Bus strikes could cost city €66m as Unions ramp up action
The strikes at Dublin Bus will cost businesses in the city and the company itself a combined €14m by the time staff go back to work tomorrow.
If the fresh wave of work stoppages announced yesterday all go ahead as planned, that figure will increase to almost €66.5m by the end of October.
Dublin Bus has estimated paying staff the 15pc pay increase sought would cost the company €50m over a three year period.
Workers across all grades at the semi-state company have announced 13 further days of industrial action – bringing the total number to 19.
Business group Dublin Town has estimated that each day of bus strikes costs at least €2.5m in lost spending in the city centre, from commuters who decide not to travel.
The cost to Dublin Bus – including €600,000 in lost business, €200,000 in fines from the NTA, €110,000 in leap card refunds owed and others costs – is estimated at €1m-a-day.
Both sides have dug their heels in and are refusing to budge, as Transport Minister Shane Ross again attempted to wash his hands of the situation.
“Minister Ross greatly regrets the grave inconvenience caused to the travelling public by this ongoing dispute,” a statement said.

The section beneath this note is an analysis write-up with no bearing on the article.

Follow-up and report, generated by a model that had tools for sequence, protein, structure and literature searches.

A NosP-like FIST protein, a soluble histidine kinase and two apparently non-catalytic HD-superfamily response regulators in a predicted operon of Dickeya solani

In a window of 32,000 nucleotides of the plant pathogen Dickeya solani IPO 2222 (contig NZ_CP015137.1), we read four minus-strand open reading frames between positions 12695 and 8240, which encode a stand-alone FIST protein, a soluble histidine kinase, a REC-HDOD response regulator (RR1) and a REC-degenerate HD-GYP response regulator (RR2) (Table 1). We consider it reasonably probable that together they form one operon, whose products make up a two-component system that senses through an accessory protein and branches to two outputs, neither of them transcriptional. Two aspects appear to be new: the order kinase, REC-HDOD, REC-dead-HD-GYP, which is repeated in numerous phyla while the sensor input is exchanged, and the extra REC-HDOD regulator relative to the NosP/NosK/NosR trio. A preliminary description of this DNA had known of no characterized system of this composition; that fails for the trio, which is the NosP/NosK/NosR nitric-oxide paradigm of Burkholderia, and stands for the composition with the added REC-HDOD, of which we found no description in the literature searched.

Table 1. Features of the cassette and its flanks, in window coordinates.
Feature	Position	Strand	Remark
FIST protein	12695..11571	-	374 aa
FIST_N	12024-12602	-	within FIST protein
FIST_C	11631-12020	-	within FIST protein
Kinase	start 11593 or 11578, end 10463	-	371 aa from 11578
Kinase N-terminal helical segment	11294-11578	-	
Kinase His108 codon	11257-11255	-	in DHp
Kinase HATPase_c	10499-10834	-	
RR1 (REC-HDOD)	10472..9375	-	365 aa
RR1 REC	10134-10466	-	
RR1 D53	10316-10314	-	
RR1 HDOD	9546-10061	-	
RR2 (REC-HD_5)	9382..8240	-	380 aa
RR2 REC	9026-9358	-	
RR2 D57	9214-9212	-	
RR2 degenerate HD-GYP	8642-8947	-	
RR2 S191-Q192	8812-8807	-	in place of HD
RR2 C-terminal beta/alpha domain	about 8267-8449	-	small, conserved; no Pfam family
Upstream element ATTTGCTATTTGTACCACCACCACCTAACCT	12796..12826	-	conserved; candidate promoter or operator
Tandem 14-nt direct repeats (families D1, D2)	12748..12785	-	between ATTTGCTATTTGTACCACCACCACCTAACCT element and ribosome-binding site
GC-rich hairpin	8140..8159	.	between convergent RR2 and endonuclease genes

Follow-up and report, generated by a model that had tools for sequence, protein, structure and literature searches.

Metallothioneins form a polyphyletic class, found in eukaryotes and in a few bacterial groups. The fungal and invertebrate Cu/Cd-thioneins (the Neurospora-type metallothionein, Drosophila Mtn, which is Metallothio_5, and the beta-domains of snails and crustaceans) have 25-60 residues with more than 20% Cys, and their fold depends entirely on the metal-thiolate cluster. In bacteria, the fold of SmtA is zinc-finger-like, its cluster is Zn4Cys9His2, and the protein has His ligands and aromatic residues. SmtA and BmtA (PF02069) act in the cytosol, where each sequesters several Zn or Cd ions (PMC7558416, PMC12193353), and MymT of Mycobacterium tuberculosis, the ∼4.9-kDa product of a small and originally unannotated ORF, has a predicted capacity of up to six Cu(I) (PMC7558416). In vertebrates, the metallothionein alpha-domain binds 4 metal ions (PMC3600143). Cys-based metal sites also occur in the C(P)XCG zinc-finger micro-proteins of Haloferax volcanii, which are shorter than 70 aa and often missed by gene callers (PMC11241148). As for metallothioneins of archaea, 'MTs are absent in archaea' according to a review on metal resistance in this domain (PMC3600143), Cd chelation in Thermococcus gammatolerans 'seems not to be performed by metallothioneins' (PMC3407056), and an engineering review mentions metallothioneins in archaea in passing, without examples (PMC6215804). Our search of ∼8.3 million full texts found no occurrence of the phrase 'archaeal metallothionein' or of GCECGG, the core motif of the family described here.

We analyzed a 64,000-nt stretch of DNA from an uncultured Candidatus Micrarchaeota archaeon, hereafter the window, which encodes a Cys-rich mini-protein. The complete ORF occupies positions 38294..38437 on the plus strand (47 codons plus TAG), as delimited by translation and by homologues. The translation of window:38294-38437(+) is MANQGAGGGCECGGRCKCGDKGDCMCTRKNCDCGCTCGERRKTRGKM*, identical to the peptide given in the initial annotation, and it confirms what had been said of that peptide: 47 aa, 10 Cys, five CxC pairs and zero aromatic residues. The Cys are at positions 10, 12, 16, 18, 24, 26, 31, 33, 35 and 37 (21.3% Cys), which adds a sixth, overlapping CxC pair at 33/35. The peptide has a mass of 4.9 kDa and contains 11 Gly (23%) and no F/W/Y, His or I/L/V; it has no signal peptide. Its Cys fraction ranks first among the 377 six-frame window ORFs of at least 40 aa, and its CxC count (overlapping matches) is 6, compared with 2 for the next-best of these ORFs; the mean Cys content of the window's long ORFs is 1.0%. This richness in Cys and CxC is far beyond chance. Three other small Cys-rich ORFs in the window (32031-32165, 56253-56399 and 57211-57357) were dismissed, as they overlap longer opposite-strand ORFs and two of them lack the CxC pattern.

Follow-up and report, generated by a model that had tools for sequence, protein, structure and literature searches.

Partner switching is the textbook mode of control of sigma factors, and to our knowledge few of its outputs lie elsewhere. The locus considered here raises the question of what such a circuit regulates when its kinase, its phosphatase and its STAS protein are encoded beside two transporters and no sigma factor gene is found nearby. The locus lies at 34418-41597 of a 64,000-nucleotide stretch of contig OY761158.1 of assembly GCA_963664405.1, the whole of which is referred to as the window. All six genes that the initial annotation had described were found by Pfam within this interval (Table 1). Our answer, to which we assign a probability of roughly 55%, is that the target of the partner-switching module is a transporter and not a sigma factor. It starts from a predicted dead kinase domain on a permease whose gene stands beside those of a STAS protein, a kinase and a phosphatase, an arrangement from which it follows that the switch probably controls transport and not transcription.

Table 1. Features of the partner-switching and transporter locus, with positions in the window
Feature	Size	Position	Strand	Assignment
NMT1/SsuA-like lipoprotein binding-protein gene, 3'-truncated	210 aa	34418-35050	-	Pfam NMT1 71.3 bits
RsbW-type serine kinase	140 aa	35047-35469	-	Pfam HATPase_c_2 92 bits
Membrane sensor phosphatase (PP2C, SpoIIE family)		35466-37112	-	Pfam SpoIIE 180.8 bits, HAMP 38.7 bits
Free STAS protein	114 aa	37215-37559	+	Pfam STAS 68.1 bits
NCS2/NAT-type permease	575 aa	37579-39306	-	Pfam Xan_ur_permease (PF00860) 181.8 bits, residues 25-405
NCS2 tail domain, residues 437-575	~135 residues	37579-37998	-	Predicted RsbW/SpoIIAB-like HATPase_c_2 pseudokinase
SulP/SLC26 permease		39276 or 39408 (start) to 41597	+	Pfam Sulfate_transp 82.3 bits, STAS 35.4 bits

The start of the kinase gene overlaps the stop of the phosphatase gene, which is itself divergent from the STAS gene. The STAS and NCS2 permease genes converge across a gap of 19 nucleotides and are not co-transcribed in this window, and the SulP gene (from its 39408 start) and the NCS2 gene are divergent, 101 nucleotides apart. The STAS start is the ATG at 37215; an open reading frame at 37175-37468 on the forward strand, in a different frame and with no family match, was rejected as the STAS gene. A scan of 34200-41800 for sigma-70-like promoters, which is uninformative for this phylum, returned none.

“He is acutely aware of calls for him to directly intervene but must reiterate, that as any ministerial intervention could be interpreted as a commitment to open the State chequebook, it would be inappropriate for him to do so.
“He again calls on management and the unions to engage with each other immediately,” he added.
Mr Ross’s inaction has lead to an increase in tensions, with bus workers deciding yesterday to ramp up their industrial action following a meeting of unions.
The possibility of an indefinite, all-out strike was discussed.
However, it was decided instead that staff, including drivers, maintenance and office workers, would down tools on 13 more dates.
Representatives from the National Bus and Railway Union (NBRU), Siptu, Transport Salaried Staffs’ Association (TSSA) and Unite were involved in the discussion.
Strikes, affecting up to 400,000 commuters a day, already took place last Thursday and Friday, yesterday and today. Unions had also already planned two further strike days next Friday and Saturday.
In a statement, Dublin Bus confirmed it had received notification from the unions of a further 13 days of strike action.
“This industrial action is unnecessary and unjustified and will continue to cause significant disruption to our customers and trade in Dublin city.
“To date, this industrial action has cost the company in excess of €4m and continues to impact the financial stability of the company,” it said.
The company said it would asses the full implications of the announcement.
Dermot O’Leary, general secretary of the NBRU, said it was “unfortunate” that those responsible for providing
a public transport service
would not engage with bus workers.
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